Location: Wet side of Washington state.
Posts: 18,495
Received 37 Upvotes on 29 Posts
I have a similar faucet on the side of my house. Today I discovered it is dripping slowly so it is either take it apart and fix it or replace it. I like the idea of a quarter-turn valve but I don't know off hand if they have models with vacuum breakers, which are required by plumbing codes almost everywhere.

Anyway, I KNOW my valve is threaded with a copper thread adapter because I installed it only a few years ago. I can't see the threaded adapter (nor feel it) because the siding and sheathing is too thick where the pipe enters the wall. I can't use a frost-proof because it goes through the garage wall which is only 2X4 construction with no interior wall. Oh, I suppose I could use a frost-proof but it would look kind of funky inside. Downside is that I've never seen a frost-free that was also a quarter-turn faucet.
 
  #8  
Old 05-29-11, 06:29 PM
lawrosa's Avatar
Super Moderator
Join Date: Dec 2010
Location: Galivants Ferry SC USA
Posts: 18,190
Received 78 Upvotes on 70 Posts
Yes they have 1/4 turn FF. The problem with 1/4 turn FF is the majority of them are ceramic disk type cartridges. We all know what sediment does to these right? And please dont tell me your water has no sediment.

Are you talking ball valve hose bibs? Those are really boilerdrains I think. There is some code I think. really not sure. I feel any hose bib replacement should have a vacuum breaker.

I only use mansfield because rebuilds are easy. from 4"-14"

Also if you want to retrofit a old style with breaker or backflow . Page 18,19

Page 24 has just the breakers for old style. Alot of homeowners use them to me code during the sale of a home.


http://www.mansfieldplumbing.com/ima...sPriceList.pdf


Mike NJ
 
  #9  
Old 05-30-11, 12:11 AM
F
Member
Join Date: Mar 2006
Location: Wet side of Washington state.
Posts: 18,495
Received 37 Upvotes on 29 Posts
Thanks, Mike.

No, I don't want any ceramic disc valves and I won't insult you by (falsely) claiming my water has no sediment.

I've seen the ball valve sillcocks, the ones with a flange to butt up against the siding. How good they are is another question that I have no answer.

My faucet in the back is a frost-free and I have another that (someday) I plan on installing on the other side of the house. Gotta get the crawlspace cleaned out first 'cause it's just too nasty down there to crawl on my belly to the other side of the house.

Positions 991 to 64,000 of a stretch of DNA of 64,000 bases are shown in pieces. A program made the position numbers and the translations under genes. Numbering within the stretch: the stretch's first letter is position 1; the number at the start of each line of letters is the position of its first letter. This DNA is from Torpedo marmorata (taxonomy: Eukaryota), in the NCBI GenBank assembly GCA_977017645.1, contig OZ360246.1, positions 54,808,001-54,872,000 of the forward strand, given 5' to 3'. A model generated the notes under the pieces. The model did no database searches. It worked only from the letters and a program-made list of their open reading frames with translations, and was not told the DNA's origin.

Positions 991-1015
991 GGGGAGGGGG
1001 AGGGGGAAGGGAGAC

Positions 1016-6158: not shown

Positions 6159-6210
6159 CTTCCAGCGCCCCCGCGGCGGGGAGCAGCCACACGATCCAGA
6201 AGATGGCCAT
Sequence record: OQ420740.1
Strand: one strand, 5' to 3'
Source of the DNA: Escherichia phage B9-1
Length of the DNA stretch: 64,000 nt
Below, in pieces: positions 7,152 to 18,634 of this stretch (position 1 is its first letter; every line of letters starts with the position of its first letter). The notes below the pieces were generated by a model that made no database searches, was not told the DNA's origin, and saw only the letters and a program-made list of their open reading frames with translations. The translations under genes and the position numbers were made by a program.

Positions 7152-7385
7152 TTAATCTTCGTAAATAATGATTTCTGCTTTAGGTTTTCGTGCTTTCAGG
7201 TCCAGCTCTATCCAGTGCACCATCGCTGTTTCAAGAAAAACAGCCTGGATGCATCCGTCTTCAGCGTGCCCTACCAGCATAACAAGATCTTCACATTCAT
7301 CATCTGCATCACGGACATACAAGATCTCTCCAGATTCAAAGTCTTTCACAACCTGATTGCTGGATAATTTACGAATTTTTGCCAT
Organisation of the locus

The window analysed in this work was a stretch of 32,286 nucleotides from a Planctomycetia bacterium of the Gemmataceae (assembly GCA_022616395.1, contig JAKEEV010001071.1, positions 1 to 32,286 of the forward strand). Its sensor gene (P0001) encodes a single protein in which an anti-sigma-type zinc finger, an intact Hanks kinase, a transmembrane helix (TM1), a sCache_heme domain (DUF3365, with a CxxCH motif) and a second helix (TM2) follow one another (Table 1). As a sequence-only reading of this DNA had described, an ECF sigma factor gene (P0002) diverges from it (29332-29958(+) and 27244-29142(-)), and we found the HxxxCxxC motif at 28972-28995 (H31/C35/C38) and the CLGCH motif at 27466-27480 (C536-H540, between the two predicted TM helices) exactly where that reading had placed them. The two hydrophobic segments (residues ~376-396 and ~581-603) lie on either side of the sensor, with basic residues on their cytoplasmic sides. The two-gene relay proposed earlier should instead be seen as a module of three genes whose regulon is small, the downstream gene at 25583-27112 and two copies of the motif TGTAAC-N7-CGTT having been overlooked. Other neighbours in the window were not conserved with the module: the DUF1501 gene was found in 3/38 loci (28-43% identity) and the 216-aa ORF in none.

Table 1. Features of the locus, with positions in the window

I have (somewhere) one or two of those add-on vacuum breakers. A new disc for the existing valve and maybe a seat regrind along with the vacuum breaker may be the best answer.
 
  #10  
Old 05-30-11, 06:09 AM
chandler's Avatar
Banned. Rule And/Or Policy Violation
Join Date: Dec 2005
Location: USA
Posts: 39,964
Upvotes: 0
Received 9 Upvotes on 8 Posts
Mike, Furd, not to further hijack the post, but I think the information may be helpful. I have replaced a few of the FF faucets with the quarter turn ones (on the advice if a plumber friend). My biggest problem with the FF's was the washer on the end. They would not use the faucet for a year, then the washer would stick to the seat and pull off the screw head when they did finally operate it. Replacing the washer is no biggie....digging the stuck one out is. So the quarter turns sounded like a good alternative. Now you interject this very viable situation with sediment. Mostly well water up here, with a mix of city/county.
Most of the FF's I replace is due to leaving a hose hooked up, or, lately leaving a "Y" hooked up with the valves closed. Swore they did not leave the hose hooked up all winter. Well, duh! Nice split, always on top, and always only about an inch long. Pretty consistent.
Thanks for the information so far.
 
  #11  
Old 06-21-11, 12:58 PM
T
Member
Thread Starter
Join Date: Dec 2008
Location: New England
Posts: 55
Upvotes: 0
Received 0 Upvotes on 0 Posts
I finally got the handle from home depot and found out that the square hole in the handle does not fit the stem that I have. Here is how the existing stem looks

The distance between curved edges is 3/8 while the distance between straight edges is 5/16
I used a file to make the hole on homedepot handle (mueller) match that of the stem. This worked, to an extent. now the handle is fitted on the stem, but the handle can only rotate the stem some distance. The old handle had a protruding circle that could go inside as the handle turned. The homedepot handle is flat and can not go inside as the stem retreats.
Local small hardware shops dont seem to have a replacement handle .. the website of prier does not list any handle that seems to match this description .. Can you guys help me find a replacement handle on the interwebs?

Thanks
 
 

Thread Tools
Search this Thread
 
Ask a Question
Question Title:
Description:
Your question will be posted in: